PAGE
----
This temperature profile also provides insight into the increase in durability of the nanowire-fabrics after IPL sintering. While the peak fiber temperature does not exceed its typical softening (glass transition) temperature the thermal expansion coefficient of polyester (≈123.5 K−1) is significantly greater than that of silver (≈19.5 K−1). Thus, during the IPL pulse the radial region of the fiber at the nanowire-fiber interface, that has the above mentioned radial temperature gradient, will expand by about 6 times more than the nanowire. The nanowires will locally sink, due to their weight, into the resulting trough temporarily created in the fiber surface. When the pulse is turned off the resulting thermal contraction will result in the nanowires being encapsulated partially by the surrounding contracting polyester material. Indications of this behavior can also be seen in SEM images in regions where the nanowire-fiber contact is exposed (Fig. 7g), which show that after IPL the nanowires seem to be partially embedded into the surrounding polyester while neck growth between nanowires happens simultaneously (Fig. 7h). Such localized embedding of nanowires into the underlying substrate is known to increase durability under mechanical loading15,47,48. The nanowire embedding will also reduce the active surface area of silver (which is more hydrophilic than polyester) available for degradation under humid, washing and high temperature conditions. This is why the durability of the IPL sintered fabrics is greater than that of the unsintered fabrics. Meanwhile, it was clearly observed that the nanowires not in contact with the fiber are fused at their contacts (Fig. 7h), corresponding to the result of the optical-thermal simulation which shows the hot spots are created at the nanowire-nanowire interfaces (Fig. 7b,d). Thus, the simulations are in good agreement with the experimental results.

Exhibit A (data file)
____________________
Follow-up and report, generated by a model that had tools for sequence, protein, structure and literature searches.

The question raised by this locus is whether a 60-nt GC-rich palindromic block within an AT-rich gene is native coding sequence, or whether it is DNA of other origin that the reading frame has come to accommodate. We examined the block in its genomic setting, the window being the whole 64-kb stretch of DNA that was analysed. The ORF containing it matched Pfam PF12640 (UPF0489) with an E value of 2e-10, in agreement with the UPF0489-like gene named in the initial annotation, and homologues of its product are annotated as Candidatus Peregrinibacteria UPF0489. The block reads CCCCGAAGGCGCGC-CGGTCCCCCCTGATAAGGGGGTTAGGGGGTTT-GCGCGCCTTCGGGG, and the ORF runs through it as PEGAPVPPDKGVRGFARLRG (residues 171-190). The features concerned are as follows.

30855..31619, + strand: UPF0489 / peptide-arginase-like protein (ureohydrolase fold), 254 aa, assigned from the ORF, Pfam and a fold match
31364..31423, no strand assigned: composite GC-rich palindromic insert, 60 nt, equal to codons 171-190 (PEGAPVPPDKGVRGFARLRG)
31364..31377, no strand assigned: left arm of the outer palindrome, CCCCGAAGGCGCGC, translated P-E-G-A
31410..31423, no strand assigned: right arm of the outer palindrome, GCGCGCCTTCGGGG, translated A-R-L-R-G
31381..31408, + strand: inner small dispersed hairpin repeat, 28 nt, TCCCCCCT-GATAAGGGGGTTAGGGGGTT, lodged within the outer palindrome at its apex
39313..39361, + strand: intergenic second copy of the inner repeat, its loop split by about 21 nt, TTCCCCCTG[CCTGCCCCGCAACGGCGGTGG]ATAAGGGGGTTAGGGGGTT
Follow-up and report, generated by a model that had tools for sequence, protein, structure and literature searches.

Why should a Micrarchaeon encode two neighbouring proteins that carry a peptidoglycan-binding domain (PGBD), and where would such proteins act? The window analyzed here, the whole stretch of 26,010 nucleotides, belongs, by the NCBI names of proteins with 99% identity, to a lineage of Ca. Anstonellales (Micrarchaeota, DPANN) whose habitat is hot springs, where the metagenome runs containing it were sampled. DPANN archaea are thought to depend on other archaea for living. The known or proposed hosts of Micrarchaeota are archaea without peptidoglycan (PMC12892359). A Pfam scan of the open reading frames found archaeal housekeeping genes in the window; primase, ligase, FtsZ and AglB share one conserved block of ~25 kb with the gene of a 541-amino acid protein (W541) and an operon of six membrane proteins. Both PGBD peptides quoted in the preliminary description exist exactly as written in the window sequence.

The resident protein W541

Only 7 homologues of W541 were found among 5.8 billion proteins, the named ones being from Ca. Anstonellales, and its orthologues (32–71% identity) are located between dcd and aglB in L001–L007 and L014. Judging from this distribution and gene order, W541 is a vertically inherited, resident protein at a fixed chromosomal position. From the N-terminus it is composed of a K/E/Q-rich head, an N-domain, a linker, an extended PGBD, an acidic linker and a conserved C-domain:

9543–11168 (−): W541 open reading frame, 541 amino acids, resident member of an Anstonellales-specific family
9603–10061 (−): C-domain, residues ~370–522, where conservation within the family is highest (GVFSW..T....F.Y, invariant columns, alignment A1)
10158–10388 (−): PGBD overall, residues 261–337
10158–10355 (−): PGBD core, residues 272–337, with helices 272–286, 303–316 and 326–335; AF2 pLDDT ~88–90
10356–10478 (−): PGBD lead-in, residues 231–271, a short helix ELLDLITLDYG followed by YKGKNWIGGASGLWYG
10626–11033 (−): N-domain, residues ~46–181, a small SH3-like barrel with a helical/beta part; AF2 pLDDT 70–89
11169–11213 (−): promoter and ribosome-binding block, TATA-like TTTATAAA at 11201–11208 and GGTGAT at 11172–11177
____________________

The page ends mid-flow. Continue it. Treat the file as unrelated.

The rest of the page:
This work demonstrates ultra-high speed intense pulsed light (IPL) sintering of Ag nanowires on woven polyester to fabricate highly electrically conductive Ag nanowire-fabrics usable as joule heated patches for the personal thermal management. We show that IPL sintering improves the electrical conductivity of the Ag nanowire-fabric from the dip-coated state, resulting in a lowest sheet resistance of 0.46 ohm·sq−1. IPL sintering also significantly increases the device durability under mechanical bending, washing, high temperature and high humidity conditions, despite the absence of any additional coating on the nanowire network. The IPL sintered samples undergo nearly 26–30% greater temperature rise as compared to the conventionally fabricated dip-and-dry nanowire-fabric during joule heating, at a low applied voltage of 1 Volt. This performance is met by the optimally sintered Dip-5 samples, as discussed in the experimental results section. Further, for these optimally sintered fabrics the added nanowire mass was only 0.33 mg·cm−2. The optimum IPL sintering was performed here at room temperature and under ambient conditions in just 300 microseconds (Dip-5 case).